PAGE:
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James R. Webb Resigns from Robert F. Kennedy Jr. Campaign

by | Dec 29, 2023

Here is his resignation letter:

Mr. Kennedy,

I am writing you a personal email to call your attention to something that is both potentially damaging in terms of veterans support and something I cannot abide.

When you and Mr. Kucinich called me in late August 2023 asking me to be a core member of your bid for the Presidency of the United States, I was elated. For more than a half hour, we found common ground on the many challenges the US faces globally, the legacy of the Iraq and Afghanistan wars, and the space in society that veterans have rightfully earned through service and self-sacrifice.unknown

Further, the opportunity to work with the Hon. Dennis Kucinich, who has long been a leader in reorienting and reigning in a runaway US security state, spoke for itself. All the elements of a perfect political storm were in place.

However, following Mr. Kucinich’s departure in mid-October, the campaign’s message on core issues, particularly national security and war, has changed. This is completely the purview of the candidate, and I accept it. However, it should be noted this occurred despite my best efforts to inform you and the campaign staff – through official communications – that this shift not only contradicts a stated core policy of “peace” but is also out of step with potential voters and, in particular, veterans.

I have spent nearly my entire adult life connected to the war on terrorism and the Middle East. In 2004, while still in college, I covered the war in Afghanistan during a summer as an embedded photographer for Parade Magazine. The time I spent 2006-2007 as an enlisted Marine Corps Rifleman in Ramadi, Iraq, encompassed both the height of the Sunni insurgency, Awakening, and subsequent “Surge.” These experiences provided the professional foundation leading me to work on the US Senate Foreign Relations Committee on behalf of a US Senator and two foreign policy think tanks dedicated to ending “forever wars.”

After viewing your comments on the “Breaking Points” podcast on Dec. 15, I felt compelled to let you know that your positions on this matter are costing you a large amount of support from voters and mine, as 70% of voters between the ages of 18-34 disapprove of Biden’s support for the conflict.

If you are truly serious about ending US involvement in “forever wars”, as I believed you were when we first talked, then it is incumbent upon the US to provide a diplomatic solution that satisfies not only the wants and needs of the Israelis but also the Palestinian people, who do not have a State. Without this, Israel will remain a garrison state in perpetuity whose guarantor is the US military. With the US military perpetually based in the region, the “forever war” continues, as we will remain at odds with any number of regional powers from Turkey to Iran.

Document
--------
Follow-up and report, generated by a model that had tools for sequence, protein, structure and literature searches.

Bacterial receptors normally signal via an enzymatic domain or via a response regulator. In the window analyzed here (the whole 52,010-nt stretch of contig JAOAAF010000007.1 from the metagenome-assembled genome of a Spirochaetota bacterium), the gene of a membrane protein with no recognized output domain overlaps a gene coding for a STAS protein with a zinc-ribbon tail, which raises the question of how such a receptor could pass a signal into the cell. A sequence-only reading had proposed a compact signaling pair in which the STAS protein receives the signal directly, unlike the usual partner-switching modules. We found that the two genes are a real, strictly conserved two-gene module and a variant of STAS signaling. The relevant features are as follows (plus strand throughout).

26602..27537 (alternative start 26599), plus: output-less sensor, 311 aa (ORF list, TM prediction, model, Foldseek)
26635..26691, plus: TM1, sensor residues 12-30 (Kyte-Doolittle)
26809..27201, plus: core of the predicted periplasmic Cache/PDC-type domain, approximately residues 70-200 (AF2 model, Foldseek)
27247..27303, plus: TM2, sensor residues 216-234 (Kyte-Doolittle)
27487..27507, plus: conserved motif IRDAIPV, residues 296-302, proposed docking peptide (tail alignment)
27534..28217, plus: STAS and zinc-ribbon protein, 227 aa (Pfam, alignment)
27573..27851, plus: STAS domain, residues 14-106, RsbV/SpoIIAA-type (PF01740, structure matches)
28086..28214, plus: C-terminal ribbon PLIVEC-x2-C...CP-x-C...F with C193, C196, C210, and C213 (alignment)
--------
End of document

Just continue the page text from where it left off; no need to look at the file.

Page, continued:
This is not to say that Israel does not have the right to defend itself from attack. All nations have that right. However, a response should not only be appropriate, but under international law, it should be proportional.

Your stating that collective punishment in Gaza is “ok” because “For ten years we did collective punishment of Iraq” is a historically inaccurate moral equivalency that no one who honorably served in Iraq will agree with you on, and none of whom will support you.

When I fought as an enlisted infantry Marine in Iraq during the “Battle of Ramadi” in 2006-2007. I can assure you that there was no “collective punishment” of civilians, as you stated bluntly on Breaking Points. Instead, every attempt was made to avoid civilian casualties as a matter of not only DoD policy but basic individual humanity. Additionally, avoiding civilian casualties is a cornerstone of counter-insurgency warfare, a moral imperative of servicemembers, and a foundational aspect of international law addressed in Chapter 33 of the Geneva Convention.

For not only us but also Americans across Iraq, this outlook not only essentially meant an absence of artillery, mortars, and air support but also strict individual rules of engagement. This not only placed US servicemembers in disproportionate danger but also resulted in numerous American casualties on behalf of Iraqis.

While imperfect, no other military on the planet goes to the lengths that the US military does in preventing civilian carnage. However, our leaders should ensure that our partners and allies do the same, not provide them a free pass.

V/r

James R. Webb

December 27, 2023

Scott Horton

Scott Horton

Scott Horton is director of the Libertarian Institute, editorial director of Antiwar.com, host of Antiwar Radio on Pacifica, 90.7 FM KPFK in Los Angeles, California and podcasts the Scott Horton Show from ScottHorton.org. He is the author of four books. He has conducted more than 6,000 interviews since 2003. Scott lives in Austin, Texas with his wife, Larisa Alexandrovna Horton.

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